IAASB auditor reporting
“The most fundamental changes in decades”

28 Nov 2013

In July, the IAASB proposed big changes to the auditor’s report and the comment period is now closed. World Watch spoke to assurance expert Diana Hillier to find out whether she thinks the proposals will work in practice.

WW: Very briefly, what did the IAASB propose and why?

DH: Since the financial crisis, there’s been a lot of scrutiny on all the players in the corporate reporting supply chain – including a focus on the auditor’s report. Investors and other stakeholders value the auditor’s report and they don’t want to lose the “binary pass/fail” audit opinion. But they want to hear more from auditors about the audit. The IAASB has responded to those pressures by proposing what will be the most fundamental changes to audit reports in decades – increasing transparency around key audit matters addressed in the audit, reaffirming independence, and making explicit their conclusions around going concern judgements.

WW: Isn’t this going to dramatically widen the auditor’s responsibilities?

DH: No. This isn’t about changing the scope of the audit; it’s about making the auditor’s report more informative by sharing greater insight from the audit. At every stage of the consultation, stakeholders have been pretty clear that the auditor’s report shouldn’t be an original source of information or an investment analysis – and that’s absolutely right. That would be a change in the role of audit and would blur the respective responsibilities of auditors, those charged with governance and management.

It’s the new section describing key audit matters that, in our view, is going to add the most value to users. There is no doubt that this will be a substantial change, yes. And there is a risk that this section could blur lines if it was used to fill gaps in management’s disclosures. But with a few tweaks to the proposed requirements, we don’t think that it will encroach on management’s responsibilities.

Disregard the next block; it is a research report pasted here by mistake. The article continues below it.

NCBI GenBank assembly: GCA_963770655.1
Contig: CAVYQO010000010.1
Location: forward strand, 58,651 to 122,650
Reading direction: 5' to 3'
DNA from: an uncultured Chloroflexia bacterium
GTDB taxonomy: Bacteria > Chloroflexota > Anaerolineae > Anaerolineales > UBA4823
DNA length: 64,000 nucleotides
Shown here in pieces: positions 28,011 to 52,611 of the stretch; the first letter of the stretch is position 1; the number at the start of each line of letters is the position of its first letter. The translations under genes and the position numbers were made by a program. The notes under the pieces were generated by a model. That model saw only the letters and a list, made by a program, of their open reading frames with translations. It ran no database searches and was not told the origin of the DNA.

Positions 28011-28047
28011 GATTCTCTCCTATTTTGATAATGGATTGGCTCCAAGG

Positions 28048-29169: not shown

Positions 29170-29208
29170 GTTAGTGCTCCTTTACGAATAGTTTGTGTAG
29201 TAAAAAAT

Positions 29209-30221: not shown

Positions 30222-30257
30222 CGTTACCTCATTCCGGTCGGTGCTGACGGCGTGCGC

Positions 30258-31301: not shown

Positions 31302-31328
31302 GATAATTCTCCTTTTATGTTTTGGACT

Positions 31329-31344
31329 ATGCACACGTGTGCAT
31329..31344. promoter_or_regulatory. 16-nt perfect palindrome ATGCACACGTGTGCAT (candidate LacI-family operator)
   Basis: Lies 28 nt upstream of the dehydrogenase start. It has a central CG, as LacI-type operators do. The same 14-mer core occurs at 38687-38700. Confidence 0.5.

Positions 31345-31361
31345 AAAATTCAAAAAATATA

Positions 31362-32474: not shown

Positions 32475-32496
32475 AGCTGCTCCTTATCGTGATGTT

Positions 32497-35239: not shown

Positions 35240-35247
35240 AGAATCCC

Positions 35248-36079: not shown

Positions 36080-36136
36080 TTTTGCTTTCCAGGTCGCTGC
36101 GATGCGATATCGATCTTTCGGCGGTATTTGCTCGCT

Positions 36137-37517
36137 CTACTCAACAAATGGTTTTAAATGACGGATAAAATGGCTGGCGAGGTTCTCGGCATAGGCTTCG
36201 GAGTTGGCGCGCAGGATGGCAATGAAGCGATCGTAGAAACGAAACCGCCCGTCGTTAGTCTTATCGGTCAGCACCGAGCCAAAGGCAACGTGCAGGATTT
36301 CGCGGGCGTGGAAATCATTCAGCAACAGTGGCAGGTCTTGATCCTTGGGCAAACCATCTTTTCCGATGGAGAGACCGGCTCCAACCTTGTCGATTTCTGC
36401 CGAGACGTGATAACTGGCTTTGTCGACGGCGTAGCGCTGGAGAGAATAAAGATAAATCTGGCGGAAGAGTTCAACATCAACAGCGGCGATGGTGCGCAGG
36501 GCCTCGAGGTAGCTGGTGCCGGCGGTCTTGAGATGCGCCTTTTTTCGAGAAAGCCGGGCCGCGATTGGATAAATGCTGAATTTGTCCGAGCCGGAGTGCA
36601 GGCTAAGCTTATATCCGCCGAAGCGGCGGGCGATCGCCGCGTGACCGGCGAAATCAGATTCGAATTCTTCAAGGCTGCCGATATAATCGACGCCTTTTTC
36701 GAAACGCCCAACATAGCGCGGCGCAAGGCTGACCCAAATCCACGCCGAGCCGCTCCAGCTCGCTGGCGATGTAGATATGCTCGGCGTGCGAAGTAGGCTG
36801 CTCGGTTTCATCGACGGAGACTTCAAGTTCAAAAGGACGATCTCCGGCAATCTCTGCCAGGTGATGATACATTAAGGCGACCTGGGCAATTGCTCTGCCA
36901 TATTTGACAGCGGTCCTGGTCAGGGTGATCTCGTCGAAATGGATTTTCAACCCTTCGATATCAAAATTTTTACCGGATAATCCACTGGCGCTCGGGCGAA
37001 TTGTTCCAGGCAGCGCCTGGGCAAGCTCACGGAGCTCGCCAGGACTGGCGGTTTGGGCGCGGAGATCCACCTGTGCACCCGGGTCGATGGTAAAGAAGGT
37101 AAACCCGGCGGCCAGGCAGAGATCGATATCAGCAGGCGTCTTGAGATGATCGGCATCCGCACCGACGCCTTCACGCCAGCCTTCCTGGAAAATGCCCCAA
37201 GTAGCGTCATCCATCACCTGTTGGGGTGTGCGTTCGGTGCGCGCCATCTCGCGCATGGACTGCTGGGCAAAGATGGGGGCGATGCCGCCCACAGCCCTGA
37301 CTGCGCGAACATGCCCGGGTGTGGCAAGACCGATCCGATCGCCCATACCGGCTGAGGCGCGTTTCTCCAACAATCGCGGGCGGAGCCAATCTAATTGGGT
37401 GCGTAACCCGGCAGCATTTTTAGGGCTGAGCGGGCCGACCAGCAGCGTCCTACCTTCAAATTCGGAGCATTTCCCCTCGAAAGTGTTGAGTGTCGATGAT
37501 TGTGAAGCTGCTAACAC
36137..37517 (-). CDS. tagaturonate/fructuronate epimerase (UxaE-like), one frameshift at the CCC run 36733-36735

WW: So how do auditors select those key audit matters without blurring their responsibilities with those of management?

DH: The IAASB has included a principles-based requirement that defines the filter that the auditor uses to identify what’s key. We fully agree with that, but we think that the filter needs some refinement. We’ve done a lot of fieldwork in this area, and the message we’re getting from the practice is that the judgement framework needs to be more explicit. Engagement teams intuitively knew the types of matters they believe would be most relevant to users, but the proposals weren’t sufficient to guide their judgments, and that could lead to identifying matters they would not have considered a key audit matter if telling their story of the audit.

WW: In what ways could that principles-based requirement be clearer?

DH: In two ways – relevance and significance. First, the key audit matters should provide insight that’s relevant to the user’s understanding of the financial statements. In particular, why and how the audit addressed the more subjective areas in the financial statements – those that involved complex financial reporting estimates and significant management judgment. And then second, that the key audit matters should focus on the most significant things – what kept the auditor up at night, if you like!

WW: It sounds like it’s going to result in a much fuller, more informative report – is there a concern that the describing the key audit matters could lead to too much information?